The stokid python uses the front part of the pythoon replacing the rear with a new module. Thus forming a tandem where the stoker position is sized for a child, hence the name "stokid" (stoker kid, see http://sheldonbrown.com/gloss_st-z.html#stokid).
The construction of the rear part
The bottom tube is a 40x40mm tube of 1.5mm thickness.
The chain stay, seat post and bottom bracket are taken from a mountain bike. The seat post is shortened down to accommodate the inseam of the child.
The top tubes and seat stays are taken from a mixte bike (http://sheldonbrown.com/gloss_m.html#mixte).
The steering tube of the stokid is a recycled seat post from some bike - the diameter matching the standard headset diameter of 1⅛ inch.
The rear frame as a whole is quite stiff, which is important for good handling of the bike.
Building this rear part went quite easy. Once the square bottom tube was brazed to the pivot and the rear triangle, the rest was just building up on that using the square tube as a base. I was finished in less than a week even though I have to mind a day job and am not a quick builder at all.
The cranks are shortened down to accomodate to 100mm. I used some cheap cranks to 100mm. The crank size of 100mm is a little less than 1/4 the inseam of the stokid, matching about the proportions of an adult inseam and adult cranks. These cranks come with a non removable single gear chainring. Such a chainring is wider than what would fit for a 8 gear chain, but the difference is only about 0.5mm which I grinded off.
The stokid drives the rear wheel using a 7-gear dérailleur, and he is able to follow at all speeds.
I can best compare to the pythoon which is a long bike too.
The angle of the pivot on the stokid python is more shallow (57.5 instead of 60, togethyer with a slightlý shorter trail). This change has an effect that is immediately felt. For example the bike turns lighter (less self centering force to surmount), and this makes it easier to maneuver at low speeds.
I had my first accident right from the start: the CoG of the stokid is high, care must be taken when leaning into the curve at very low speeds. While with the pythoon it was possible to use leaning+acceleration to do a sharp turn when starting, I got nasty surprise trying to do the same with this bike: we fell over ---luckily no damage was done.
Because the pivot angle is slightly different from the pythoon I had to adapt to the slight different behaviour before I could start cleanly (=without a sway). In the beginning I had the tendency to over-steer when starting (front part swaying over to the left when starting with my right foot). After 100kms this is gone at the bike feels natural.
Riding at speed
We've been riding this bike in the last 2 weeks (about 100km together). Both of us are still learning.
There is interference with the steering when the stokid is pedaling. But either I am getting used to it or my son is riding smoother, because often I am unaware of this. I expect that after some time it won't be visible anymore.
When my son is not pedaling I have not noticed any PSI. The bike rides like a train.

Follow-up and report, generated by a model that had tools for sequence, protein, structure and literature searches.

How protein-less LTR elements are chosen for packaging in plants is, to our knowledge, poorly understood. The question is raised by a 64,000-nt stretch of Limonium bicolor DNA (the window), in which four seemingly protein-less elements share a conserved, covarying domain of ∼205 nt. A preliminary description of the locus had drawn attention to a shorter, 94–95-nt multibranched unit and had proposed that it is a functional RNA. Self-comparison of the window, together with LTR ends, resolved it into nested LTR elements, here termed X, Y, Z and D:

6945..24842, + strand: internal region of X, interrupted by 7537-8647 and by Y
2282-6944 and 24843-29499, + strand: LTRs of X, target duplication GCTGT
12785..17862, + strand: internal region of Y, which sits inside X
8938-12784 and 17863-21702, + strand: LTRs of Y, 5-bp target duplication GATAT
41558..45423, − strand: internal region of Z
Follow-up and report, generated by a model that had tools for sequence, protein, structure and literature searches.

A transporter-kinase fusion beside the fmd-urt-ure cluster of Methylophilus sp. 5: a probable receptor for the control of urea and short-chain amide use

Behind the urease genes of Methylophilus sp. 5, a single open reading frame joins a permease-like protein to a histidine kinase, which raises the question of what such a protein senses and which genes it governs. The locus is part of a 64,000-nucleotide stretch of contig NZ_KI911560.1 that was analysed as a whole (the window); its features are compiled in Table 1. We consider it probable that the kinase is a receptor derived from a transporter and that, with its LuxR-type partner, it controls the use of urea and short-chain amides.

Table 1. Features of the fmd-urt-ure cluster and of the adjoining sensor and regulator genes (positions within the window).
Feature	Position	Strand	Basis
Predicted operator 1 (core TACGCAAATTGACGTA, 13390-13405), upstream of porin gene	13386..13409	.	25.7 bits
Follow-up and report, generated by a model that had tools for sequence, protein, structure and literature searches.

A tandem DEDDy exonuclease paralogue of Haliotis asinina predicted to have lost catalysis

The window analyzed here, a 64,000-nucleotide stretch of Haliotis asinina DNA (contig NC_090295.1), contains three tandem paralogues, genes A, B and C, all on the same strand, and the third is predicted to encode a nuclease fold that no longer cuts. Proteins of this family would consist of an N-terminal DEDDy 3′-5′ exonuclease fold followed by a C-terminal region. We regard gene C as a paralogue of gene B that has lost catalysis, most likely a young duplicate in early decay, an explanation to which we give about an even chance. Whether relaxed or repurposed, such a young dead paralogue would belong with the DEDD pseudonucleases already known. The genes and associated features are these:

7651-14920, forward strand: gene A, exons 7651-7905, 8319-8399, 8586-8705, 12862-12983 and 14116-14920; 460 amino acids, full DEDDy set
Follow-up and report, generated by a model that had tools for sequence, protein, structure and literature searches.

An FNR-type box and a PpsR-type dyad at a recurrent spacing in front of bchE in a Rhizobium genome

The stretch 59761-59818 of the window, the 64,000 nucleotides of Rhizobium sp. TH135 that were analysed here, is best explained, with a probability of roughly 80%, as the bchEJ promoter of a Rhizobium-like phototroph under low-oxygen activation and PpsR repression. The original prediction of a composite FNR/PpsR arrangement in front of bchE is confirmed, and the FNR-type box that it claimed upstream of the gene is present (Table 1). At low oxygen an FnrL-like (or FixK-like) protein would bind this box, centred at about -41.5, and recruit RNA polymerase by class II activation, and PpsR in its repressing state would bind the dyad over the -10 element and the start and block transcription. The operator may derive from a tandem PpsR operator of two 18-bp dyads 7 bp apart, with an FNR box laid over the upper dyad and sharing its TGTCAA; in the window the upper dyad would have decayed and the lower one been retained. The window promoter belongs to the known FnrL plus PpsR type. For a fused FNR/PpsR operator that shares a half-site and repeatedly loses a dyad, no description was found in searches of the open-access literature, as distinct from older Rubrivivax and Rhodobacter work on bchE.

Seen from the point of view of safety the pythoon is unbeatable. Even compared to other solutions the pythoon really shined: the bike is compact compared to an upright + trailer; the position of the passenger is really low; and even though the box was open he was very effectively protected by it.
The stokid python is not that safe for the stokid. And because of that I try to limit our speed just in case we would be involved in an accident.
Another reason to limit the speed is the need for braking. I have already been able to push the stokid forward out of his saddle just by braking strongly. He seems not to be strong enough to withstand the deceleration. Luckily the effect is that he falls down to the top-tubes instead of being flipped over.
Outside of Town our cruising speed is about 30kms (max has been 45kmh up to now). Though I limit the max speed, we are not that much slower than on the pythoon. Inside of Town speed is determined by outside factors so I can't really give any numbers.
The positive side of the stokid python is that we are much more visible: my son now wears a reflective vest and this works as a beacon for the cars.
On the pythoon my son was always looking sideways into the landscape. Now his head sticks out up over my head, so he can overview the situation in front of the bike.
Our trips vary between 5 to 15kms single way. These are quite long rides for a 5 year old and he can feel it in his bottom and arms. Just the typical problems of an upright...
The main goal was to involve my son into the ride and that has been a real success. He loves riding this bike and is now very active with both his legs and mind. He often shows direction with his arms, or tells what way I could go. Or warns me about cars coming from behind. (he even tells me that he is taking a rest from pedaling ;-)). There is also a lot coordination going on. If he wants to slip his hands he has to tell me. Or when a bump is coming up I have to call out so he can brace himself.
All these things are missing when you put a child on a half-cycle. On a half cycle pulled by an upright the child can help pedalling, but is still just being pulled along.
On the down side: Controlling the stokid python is "advanced level" and I would only recommend it for those who already now how to ride a regular python well.